The agency’s focus is one of the city’s most pressing issues: the lack of affordable housing. The late Mayor Ed Lee set a goal of creating 10,000 new affordable units by 2020.
The Office of Community Investment and Infrastructure expects to create 7,674 new, affordable homes in the three redevelopment areas. Of that, 2,493 units have been built so far, according to the agency.
Mission Bay has been developing at a rapid pace, officials say, with the 18,000-seat Chase Center Arena, the UCSF medical buildings and Uber headquarters the most prominent of several privately-funded projects underway. A 250-room hotel, parks, a new school, library and public safety facilities are also planned for the area.
The successor agency is working with non-profit developers to build 1,806 units of affordable housing – about 30% of the 6,406 units approved in the area master plan. The agency has completed 350 units so far and most recently broke ground in March for a 119-unit apartment building for homeless veterans and low-income families, the agency says.
“This is an incredible time for San Francisco as Mission Bay continues to be a driving force in creating high functioning, well-designed affordable housing,” Nadia Sesay, executive director of the agency, said at the groundbreaking. “With these new homes our veterans and families will continue to thrive in our city.”
Under the budget plan, the agency would issue bonds in the amounts of $41.9 million and $27.5 million for affordable housing loans in Mission Bay. Another $35 million bond would reimburse developers for infrastructure costs.
In the downtown area, a separate city agency is completing work on the Transbay Transit Center, which will link several Bay Area public transit systems.
The successor agency plans to create 3.200 new housing units, of which 1.400 will be affordable, as part of a transit-oriented, pedestrian-friendly neighborhood plan. The agency, which is doing street and infrastructure improvements, will also be responsible for a 5.4-acre rooftop park being built over the new transit center.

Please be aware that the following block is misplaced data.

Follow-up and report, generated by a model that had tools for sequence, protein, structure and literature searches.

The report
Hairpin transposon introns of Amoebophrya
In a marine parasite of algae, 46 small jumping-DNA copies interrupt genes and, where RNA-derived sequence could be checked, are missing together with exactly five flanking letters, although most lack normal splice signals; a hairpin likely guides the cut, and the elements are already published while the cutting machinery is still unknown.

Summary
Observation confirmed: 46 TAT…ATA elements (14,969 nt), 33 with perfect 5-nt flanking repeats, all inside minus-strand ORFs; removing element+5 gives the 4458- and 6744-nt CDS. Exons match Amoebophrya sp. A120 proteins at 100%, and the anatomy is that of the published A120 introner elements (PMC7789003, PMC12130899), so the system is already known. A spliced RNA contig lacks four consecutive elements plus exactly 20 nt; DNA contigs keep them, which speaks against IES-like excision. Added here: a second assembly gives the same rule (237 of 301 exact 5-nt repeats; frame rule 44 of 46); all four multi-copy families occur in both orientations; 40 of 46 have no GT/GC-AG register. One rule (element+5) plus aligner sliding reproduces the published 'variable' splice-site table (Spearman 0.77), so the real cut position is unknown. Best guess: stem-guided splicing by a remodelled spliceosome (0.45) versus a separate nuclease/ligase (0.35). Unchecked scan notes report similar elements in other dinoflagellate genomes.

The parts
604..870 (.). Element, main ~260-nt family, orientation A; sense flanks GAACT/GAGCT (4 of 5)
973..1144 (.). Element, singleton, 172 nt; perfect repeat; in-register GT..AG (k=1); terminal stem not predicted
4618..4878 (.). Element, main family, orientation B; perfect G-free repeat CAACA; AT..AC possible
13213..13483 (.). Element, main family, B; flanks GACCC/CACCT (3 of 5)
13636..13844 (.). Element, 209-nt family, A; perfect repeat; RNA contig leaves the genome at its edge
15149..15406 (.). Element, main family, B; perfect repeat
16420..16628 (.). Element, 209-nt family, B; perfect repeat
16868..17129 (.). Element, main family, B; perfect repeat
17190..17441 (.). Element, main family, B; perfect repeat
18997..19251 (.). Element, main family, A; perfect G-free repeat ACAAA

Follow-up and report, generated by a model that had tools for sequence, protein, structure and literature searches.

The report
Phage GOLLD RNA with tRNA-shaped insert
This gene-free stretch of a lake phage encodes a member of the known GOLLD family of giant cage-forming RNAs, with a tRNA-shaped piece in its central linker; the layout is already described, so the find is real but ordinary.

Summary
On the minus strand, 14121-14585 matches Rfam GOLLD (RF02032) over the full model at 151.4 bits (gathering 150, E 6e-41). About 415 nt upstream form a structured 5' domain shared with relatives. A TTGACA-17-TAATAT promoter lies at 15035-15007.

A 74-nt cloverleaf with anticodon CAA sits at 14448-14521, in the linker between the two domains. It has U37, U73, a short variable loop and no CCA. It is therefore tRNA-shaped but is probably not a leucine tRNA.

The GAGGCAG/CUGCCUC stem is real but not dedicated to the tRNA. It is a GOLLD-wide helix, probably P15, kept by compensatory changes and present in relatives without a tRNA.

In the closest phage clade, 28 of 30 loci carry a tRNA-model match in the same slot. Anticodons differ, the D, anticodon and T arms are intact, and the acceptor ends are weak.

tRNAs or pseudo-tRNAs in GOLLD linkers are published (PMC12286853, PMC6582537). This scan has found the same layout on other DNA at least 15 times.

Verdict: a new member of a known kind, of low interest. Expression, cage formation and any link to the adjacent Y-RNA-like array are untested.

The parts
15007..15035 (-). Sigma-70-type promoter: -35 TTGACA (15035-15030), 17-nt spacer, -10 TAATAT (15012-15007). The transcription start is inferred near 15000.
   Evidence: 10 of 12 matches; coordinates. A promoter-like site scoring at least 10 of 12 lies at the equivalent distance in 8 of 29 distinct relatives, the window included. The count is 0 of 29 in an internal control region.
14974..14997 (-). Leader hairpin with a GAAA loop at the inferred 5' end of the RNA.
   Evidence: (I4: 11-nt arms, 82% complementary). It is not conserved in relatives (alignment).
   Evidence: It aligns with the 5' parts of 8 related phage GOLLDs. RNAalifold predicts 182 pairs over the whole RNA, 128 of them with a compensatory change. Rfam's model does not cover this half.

The largest and most ambitious of the redevelopment areas is the Hunters Point Shipyard – Candlestick Point project which calls for building 12,100 housing units, 26 acres of parks and open space, 4 million square-feet of office and biotech space and a 635,000 square-foot retail center.
City officials have described it as the largest redevelopment effort in the city since the 1906 earthquake. The $8 billion project would transform the former base and baseball stadium area into a community of 25,000 residents.
One of the bond proposals is for $23.6 million for affordable housing loans in the Hunters – Candlestick area.
The agency is carrying a debt portfolio of $950 million and will not pay off its bonds until 2046, according to Barnes.
Even as the successor agency continues with its new projects, it has begun to wind down some of its previous activities. At the end of June, it will transfer over to the city the Yerba Buena Gardens – a two-block public park south of downtown which was part of a redevelopment project to build cultural facilities, open space, hotels and housing.